IRS offers taxpayers ID theft prevention tips

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The IRS cautions taxpayers not to give their personal information to strangers because it may put them at risk of having their tax returns stolen, among other dangers.

During an interview Aug. 1, IRS spokesman Bill Brunson said the agency is committing more personnel and computer resources to combat identity theft. He noted people still click on spam emails and end up giving their Social Security numbers, as well as other information, to unsavory characters who use the information to file fraudulent tax returns.

Brunson said many times the scammers use Social Security numbers from people who have died, as well as from youngsters who don’t yet have filing requirements.

“So there’s a number of years that the bad person can, say, go to the well,” Brunson said.

Brunson said he’s also seen instances of a taxpayer experiencing recurring problems with a scammer filing fake returns in their name year after year. In such instances, the IRS can issue the person a special taxpayer number to use in filing their income tax return. That way, even if a criminal has access to the person’s Social Security number and other information, it won’t do them any good because the specially issued number is required to file the return.

Special Agent Brian Watson, spokesperson for the IRS Criminal Investigations Division, said the fraud has been rampant in Florida, although there are cases all over the country. Such scams are also perpetrated from countries outside the U.S. He said the IRS has dedicated more agents to work the cases, and people are getting caught and going to prison.

Watson said the IRS has found many of the perpetrators have a history of other illegal activity, more street level crime, and they venture into white collar crime like stealing people’s tax returns.

“They think it’s safer — you know, you’re not going to get shot, you’re not going to get beat up, you can do it from the safety of your house or from a laptop anywhere,” Watson said. “But they’re going to jail for it. People are getting some pretty big sentences, especially if they have a prior criminal history.

“It’s a problem and we’re going to see it again this year. We’re going to have to attack it even harder this year.”

Brunson said the IRS established a special unit for people to report cases where they believe their identity was stolen. People who have had their purse or wallet stolen, or who have noticed questionable activity on their credit cards or credit report, should call the IRS Identity Protection Specialized Unit at 1-800-908-4490.

Brunson urges people not to share personal financial information with “just anybody” or carry their Social Security card in their wallet.

“Shred your documents,” Brunson said. “Do commonsense things that could prevent ID theft.”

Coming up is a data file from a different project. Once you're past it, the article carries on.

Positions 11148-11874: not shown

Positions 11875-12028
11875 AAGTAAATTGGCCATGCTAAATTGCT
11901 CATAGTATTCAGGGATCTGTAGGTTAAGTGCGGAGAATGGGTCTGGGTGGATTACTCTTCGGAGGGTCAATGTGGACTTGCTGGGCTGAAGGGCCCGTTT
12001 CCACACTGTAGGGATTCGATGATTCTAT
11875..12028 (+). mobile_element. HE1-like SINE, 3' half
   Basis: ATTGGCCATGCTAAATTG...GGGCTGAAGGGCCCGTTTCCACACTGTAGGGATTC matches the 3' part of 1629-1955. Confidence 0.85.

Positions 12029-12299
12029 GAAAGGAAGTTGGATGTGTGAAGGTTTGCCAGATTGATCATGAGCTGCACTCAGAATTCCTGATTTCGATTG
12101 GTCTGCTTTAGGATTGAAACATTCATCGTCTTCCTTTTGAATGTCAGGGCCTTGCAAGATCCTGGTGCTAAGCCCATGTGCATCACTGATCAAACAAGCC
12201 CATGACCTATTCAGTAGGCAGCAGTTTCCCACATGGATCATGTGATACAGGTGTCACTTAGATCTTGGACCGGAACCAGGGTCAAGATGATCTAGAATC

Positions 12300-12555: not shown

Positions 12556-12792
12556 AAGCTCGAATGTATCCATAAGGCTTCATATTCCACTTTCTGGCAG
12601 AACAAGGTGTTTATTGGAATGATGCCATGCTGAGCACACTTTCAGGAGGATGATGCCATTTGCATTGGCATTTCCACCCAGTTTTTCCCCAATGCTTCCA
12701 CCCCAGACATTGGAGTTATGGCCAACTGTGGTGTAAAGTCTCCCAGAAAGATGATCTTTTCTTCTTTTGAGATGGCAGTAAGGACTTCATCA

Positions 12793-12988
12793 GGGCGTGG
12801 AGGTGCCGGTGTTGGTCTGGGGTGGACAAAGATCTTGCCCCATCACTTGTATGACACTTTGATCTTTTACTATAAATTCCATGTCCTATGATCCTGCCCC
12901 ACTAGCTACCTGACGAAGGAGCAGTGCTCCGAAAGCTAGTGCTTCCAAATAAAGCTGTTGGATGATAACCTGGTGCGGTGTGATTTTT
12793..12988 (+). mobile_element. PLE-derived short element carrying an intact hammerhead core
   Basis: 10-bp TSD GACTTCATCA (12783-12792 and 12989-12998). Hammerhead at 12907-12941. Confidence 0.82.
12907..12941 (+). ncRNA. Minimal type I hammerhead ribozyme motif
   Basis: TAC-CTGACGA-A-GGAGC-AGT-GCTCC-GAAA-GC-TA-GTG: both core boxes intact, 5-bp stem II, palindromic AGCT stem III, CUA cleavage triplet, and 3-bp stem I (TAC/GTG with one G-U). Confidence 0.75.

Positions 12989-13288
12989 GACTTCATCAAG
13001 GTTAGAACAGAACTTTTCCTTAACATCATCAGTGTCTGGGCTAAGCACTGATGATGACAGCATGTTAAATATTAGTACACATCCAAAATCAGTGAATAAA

Watson said if a person has their identity and tax return stolen, the victim will get their money back. However, it could take six months.

“And it’s a hassle,” Watson said.

Watson added the experience is stressful, and people are best to avoid it in the first place. He urged people not to open spam emails with subject lines such as “Please contact me regarding your ATM card.” He warned they are often just a ruse to initiate contact with a victim, and too often people end up providing their Social Security number or other information to the scammers.

“People fall for stuff like that, and then that’s how they get the numbers,” Watson said.

Watson said the IRS has seen a major increase in identity theft cases over the past 10 years. Brunson agreed.

“Ten years ago, this was a nominal issue. It wasn’t really recognized by the Internal Revenue Service as a problem,” Brunson said. “And that’s where you could see a taxpayer have an issue from one year to the next, because there wasn’t really any thought going to what was happening.”

Brunson said over time, as technology and computers became more prevalent, identity theft has proliferated.

Watson noted the IRS could set up the tax return system to prevent all fraud, but then it would take an especially long time to process refunds. He said the agency must balance fraud concerns with taxpayers’ need to receive their refunds in a timely manner to meet their expenses.

Brunson said the agency is doing more extensive checking, however. He noted electronic filing used to be advertised to process refunds in 10 days or fewer, but now 21 days or so is the estimated time frame.

“It can happen in 10 days or less, but we’re doing more things up front and checking for fraud,” Brunson said.

An IRS brochure titled “Identity Theft Prevention and Victim Assistance” recommends that taxpayers:

  • Don’t give out Social Security numbers to a business just because they ask, only when absolutely necessary.
  • Check their credit report every 12 months.
  • Protect personal computers by using firewalls, using anti-spam/virus software, updating security patches and changing passwords for Internet accounts.
  • Don’t provide personal information over the phone, through the mail or on the Internet unless you are sure you know who you are dealing with.
  • Visit the IRS website at IRS.gov and enter “identity theft” or “phishing” in the search field for more information.